Into the West
Alberta is a blank sketchpad
to the eyes trained for neon lights and mishaps
labeled modern art, unable to see past
their tawny smog and blue lights—this is a private gallery.
A winter’s sunrise stroked pastel lavender
by the blackbird’s feather drifting above a cerulean lake
dusted with glitter. Strands of shredded cotton balls
curl upwards from the silent surface.
The ridge of mountains sprayed
deep forest green. The graffitist’s thumb slipped on
the nozzle as he turned to call back to his friend. Changing cans,
spritzes of sunshine fall gently on scarlet leaves.
The roads etched in charcoal,
long and straight. Halfway through, the child’s hand
grew weary of gripping the two yellow crayons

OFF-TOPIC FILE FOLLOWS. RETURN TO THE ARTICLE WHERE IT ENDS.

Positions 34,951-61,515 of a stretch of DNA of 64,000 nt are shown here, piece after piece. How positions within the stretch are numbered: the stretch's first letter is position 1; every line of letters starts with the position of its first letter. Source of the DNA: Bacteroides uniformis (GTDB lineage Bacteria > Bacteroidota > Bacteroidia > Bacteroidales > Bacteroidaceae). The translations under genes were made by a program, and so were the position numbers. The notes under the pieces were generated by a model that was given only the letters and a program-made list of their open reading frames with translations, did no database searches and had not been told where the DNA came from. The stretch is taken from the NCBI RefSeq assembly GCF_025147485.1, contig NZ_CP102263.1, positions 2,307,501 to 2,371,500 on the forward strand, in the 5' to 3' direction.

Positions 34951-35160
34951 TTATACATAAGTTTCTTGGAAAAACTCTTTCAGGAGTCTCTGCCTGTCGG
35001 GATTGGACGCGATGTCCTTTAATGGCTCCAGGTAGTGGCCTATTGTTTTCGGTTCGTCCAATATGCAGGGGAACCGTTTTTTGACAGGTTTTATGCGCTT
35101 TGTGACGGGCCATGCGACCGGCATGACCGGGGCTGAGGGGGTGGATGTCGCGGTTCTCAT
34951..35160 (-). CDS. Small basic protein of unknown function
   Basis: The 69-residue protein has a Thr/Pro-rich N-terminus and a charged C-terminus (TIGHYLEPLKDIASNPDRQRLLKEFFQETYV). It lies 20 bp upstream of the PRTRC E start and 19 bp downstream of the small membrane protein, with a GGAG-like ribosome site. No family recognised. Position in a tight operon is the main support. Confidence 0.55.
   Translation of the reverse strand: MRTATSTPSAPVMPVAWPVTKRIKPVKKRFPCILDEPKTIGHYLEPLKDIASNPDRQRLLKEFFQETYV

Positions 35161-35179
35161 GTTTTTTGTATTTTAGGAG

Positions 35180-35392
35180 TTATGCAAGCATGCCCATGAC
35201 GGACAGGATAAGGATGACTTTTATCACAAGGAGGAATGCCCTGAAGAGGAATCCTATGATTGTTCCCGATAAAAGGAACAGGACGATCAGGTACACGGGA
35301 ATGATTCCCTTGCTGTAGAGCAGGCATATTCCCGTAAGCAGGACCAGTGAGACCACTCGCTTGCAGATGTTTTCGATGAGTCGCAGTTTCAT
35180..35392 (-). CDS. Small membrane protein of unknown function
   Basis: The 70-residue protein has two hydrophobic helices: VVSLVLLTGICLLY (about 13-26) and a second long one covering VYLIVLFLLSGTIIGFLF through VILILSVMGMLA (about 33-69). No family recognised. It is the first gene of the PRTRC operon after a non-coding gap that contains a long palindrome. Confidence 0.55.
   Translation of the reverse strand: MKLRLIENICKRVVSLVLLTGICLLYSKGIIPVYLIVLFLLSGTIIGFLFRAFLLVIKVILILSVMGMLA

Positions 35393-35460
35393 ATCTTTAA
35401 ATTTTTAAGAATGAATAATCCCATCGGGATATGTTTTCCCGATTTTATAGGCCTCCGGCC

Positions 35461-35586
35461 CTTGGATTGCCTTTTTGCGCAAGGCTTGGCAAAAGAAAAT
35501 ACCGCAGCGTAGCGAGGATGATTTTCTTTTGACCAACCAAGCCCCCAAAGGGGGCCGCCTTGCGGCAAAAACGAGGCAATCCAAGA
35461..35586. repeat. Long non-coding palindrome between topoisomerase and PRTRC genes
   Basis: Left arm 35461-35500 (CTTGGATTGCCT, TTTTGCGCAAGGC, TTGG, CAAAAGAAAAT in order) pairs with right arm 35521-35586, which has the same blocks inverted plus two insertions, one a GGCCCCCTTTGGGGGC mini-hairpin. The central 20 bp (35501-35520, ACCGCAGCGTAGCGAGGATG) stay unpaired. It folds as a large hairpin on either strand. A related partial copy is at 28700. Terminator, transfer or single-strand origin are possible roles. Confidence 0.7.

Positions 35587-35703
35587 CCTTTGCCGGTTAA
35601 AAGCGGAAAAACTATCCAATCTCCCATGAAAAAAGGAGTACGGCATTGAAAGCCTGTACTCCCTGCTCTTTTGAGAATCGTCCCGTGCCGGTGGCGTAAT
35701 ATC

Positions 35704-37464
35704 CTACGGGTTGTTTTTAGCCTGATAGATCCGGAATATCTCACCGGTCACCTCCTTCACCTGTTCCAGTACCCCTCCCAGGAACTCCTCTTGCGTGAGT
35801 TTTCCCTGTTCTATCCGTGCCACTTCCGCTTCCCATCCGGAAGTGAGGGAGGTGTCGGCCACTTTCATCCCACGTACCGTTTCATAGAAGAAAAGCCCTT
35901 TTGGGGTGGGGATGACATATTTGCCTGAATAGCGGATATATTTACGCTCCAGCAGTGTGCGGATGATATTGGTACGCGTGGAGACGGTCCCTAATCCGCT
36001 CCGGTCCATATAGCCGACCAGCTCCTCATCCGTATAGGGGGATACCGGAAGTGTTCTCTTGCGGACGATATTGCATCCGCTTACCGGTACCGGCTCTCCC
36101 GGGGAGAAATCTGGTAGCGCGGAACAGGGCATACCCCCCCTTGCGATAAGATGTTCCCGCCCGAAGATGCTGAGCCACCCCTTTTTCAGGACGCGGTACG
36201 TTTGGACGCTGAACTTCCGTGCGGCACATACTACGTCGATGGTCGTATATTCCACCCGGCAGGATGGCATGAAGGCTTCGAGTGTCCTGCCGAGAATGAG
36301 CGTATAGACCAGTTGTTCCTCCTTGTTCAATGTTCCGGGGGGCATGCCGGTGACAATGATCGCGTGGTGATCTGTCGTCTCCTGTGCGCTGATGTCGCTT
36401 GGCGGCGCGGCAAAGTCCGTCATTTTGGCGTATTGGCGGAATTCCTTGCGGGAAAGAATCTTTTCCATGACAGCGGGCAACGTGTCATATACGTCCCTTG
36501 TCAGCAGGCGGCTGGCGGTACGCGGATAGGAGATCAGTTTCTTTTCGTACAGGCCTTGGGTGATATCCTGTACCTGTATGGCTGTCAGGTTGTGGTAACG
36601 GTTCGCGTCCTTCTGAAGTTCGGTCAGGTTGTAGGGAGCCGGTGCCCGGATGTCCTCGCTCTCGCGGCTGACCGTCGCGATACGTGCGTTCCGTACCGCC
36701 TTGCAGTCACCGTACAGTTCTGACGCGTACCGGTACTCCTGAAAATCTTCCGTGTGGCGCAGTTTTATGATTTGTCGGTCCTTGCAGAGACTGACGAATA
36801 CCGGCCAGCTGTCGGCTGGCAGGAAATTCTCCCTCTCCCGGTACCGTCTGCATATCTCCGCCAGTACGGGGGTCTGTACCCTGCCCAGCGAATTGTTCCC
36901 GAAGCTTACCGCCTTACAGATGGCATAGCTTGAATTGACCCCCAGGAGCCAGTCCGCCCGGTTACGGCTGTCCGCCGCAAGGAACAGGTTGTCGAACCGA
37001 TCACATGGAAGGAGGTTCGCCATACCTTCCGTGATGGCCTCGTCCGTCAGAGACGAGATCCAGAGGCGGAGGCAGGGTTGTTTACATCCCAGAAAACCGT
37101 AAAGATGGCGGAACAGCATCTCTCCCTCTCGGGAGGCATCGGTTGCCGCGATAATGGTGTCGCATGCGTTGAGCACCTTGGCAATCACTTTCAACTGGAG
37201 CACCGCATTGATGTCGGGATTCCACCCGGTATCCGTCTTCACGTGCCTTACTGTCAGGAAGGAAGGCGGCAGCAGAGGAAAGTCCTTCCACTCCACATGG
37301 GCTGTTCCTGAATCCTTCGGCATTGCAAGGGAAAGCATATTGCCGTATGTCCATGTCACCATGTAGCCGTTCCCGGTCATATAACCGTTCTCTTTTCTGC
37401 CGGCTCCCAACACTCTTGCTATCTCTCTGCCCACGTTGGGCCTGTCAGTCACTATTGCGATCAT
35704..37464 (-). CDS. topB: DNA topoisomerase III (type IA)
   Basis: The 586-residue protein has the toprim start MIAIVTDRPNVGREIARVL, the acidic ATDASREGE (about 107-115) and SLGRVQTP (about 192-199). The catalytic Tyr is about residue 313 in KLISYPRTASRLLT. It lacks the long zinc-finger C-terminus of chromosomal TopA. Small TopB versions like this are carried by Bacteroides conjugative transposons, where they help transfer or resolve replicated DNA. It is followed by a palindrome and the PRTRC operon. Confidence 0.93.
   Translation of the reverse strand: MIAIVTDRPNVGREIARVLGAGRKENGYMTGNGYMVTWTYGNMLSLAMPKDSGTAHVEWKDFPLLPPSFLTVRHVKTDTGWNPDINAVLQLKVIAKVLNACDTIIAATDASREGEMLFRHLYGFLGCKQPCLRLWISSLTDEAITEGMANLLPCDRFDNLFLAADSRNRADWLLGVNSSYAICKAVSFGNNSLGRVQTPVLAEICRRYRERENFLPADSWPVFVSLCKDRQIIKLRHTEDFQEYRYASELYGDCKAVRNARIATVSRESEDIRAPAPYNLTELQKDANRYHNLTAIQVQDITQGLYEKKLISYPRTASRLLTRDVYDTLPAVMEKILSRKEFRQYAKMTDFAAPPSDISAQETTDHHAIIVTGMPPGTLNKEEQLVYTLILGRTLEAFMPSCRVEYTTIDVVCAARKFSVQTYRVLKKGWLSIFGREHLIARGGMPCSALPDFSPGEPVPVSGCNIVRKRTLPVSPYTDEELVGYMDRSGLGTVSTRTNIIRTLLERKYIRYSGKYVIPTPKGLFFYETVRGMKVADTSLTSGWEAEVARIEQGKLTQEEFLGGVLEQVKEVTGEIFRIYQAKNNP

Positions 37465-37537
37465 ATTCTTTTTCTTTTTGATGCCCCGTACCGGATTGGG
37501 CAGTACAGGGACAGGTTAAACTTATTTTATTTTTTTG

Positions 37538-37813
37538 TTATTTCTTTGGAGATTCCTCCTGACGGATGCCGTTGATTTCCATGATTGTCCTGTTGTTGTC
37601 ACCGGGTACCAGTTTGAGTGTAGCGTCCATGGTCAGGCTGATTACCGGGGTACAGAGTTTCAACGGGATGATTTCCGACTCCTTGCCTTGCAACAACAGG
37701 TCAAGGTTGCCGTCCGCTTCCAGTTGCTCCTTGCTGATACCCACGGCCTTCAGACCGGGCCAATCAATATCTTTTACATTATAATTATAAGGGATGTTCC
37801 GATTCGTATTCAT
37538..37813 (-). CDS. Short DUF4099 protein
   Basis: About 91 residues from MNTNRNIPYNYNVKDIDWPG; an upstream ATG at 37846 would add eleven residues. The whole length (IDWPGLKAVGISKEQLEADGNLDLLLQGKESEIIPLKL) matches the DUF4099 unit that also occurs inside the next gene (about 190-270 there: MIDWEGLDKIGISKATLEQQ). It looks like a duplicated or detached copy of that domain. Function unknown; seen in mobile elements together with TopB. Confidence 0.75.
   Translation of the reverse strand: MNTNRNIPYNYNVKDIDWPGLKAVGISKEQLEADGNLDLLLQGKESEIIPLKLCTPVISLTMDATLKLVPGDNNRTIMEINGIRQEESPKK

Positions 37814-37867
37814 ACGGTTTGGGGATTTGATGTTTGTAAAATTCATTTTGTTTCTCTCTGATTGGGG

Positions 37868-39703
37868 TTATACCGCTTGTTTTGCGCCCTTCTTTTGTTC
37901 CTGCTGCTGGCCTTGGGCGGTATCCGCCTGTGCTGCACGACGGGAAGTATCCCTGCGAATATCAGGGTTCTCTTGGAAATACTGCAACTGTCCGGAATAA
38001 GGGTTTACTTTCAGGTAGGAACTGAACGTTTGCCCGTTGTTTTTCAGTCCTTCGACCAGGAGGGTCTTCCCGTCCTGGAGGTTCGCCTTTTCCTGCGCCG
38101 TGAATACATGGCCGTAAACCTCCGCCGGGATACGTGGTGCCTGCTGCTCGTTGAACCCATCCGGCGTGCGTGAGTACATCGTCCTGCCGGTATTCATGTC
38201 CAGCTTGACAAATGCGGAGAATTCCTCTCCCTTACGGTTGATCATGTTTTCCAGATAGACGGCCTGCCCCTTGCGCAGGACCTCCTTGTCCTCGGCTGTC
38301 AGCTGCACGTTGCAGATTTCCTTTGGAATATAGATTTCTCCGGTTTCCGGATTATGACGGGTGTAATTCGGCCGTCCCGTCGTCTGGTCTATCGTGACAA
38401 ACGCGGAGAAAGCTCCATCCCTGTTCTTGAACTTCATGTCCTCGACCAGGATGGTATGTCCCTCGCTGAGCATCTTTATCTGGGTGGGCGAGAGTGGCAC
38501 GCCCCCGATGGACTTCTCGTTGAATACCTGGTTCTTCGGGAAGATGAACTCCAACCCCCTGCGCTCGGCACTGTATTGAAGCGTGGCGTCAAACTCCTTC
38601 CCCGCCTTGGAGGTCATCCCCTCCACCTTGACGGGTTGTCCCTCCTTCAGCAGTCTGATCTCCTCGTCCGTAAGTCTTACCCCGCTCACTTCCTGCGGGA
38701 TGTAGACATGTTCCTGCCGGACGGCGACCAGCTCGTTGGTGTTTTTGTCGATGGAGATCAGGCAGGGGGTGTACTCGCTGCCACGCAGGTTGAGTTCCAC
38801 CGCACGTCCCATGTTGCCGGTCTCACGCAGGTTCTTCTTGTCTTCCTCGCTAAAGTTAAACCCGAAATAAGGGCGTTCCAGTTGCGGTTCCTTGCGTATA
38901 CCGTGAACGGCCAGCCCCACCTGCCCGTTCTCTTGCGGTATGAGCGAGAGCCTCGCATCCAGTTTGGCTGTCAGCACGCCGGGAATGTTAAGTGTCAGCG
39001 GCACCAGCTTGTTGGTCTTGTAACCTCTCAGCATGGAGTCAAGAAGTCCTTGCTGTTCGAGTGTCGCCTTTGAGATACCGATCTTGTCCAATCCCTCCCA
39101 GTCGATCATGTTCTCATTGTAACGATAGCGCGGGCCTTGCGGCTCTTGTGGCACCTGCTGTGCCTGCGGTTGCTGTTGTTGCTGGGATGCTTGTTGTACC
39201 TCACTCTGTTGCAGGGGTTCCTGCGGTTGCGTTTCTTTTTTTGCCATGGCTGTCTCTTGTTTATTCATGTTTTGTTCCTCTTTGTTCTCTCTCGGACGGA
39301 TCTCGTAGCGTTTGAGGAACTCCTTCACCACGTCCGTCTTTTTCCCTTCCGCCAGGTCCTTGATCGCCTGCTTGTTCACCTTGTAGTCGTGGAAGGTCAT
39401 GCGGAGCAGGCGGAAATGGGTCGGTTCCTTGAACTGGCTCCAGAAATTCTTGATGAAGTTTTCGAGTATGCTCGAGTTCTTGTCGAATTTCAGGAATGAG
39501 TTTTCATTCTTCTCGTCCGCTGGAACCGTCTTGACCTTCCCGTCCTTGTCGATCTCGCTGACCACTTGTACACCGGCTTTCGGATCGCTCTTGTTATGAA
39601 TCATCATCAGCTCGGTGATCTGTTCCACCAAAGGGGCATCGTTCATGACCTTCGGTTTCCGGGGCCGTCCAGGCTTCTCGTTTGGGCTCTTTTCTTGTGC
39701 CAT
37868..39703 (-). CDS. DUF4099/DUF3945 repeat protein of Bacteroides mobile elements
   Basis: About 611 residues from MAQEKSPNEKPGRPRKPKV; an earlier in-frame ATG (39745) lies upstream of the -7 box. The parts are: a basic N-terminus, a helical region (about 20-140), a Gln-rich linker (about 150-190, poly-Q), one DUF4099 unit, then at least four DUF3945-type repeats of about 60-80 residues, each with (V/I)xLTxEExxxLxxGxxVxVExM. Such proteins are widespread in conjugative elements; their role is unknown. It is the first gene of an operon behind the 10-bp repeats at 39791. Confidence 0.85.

and he wandered home for a snack.
A herd of cows blotted cream and chocolate in oil pastels,
trembling in gnarled fingers on a nursing home porch.
Just a smear as they graze high in the hills.
The crimson orb dips into black soil, tugged by the flick
of a rainbow tail under the ice, stars poking through
the thickening cloth of night until the moon
is our only spotlight.
Miranda Phillips is a creative writing major at SUNY Oswego. When she isn’t working on her novel series, Miranda spends her time discovering new scenic routes, watching hockey (#mapleleafsforever), and loving on her rescue horse during breaks in her home state of Maryland.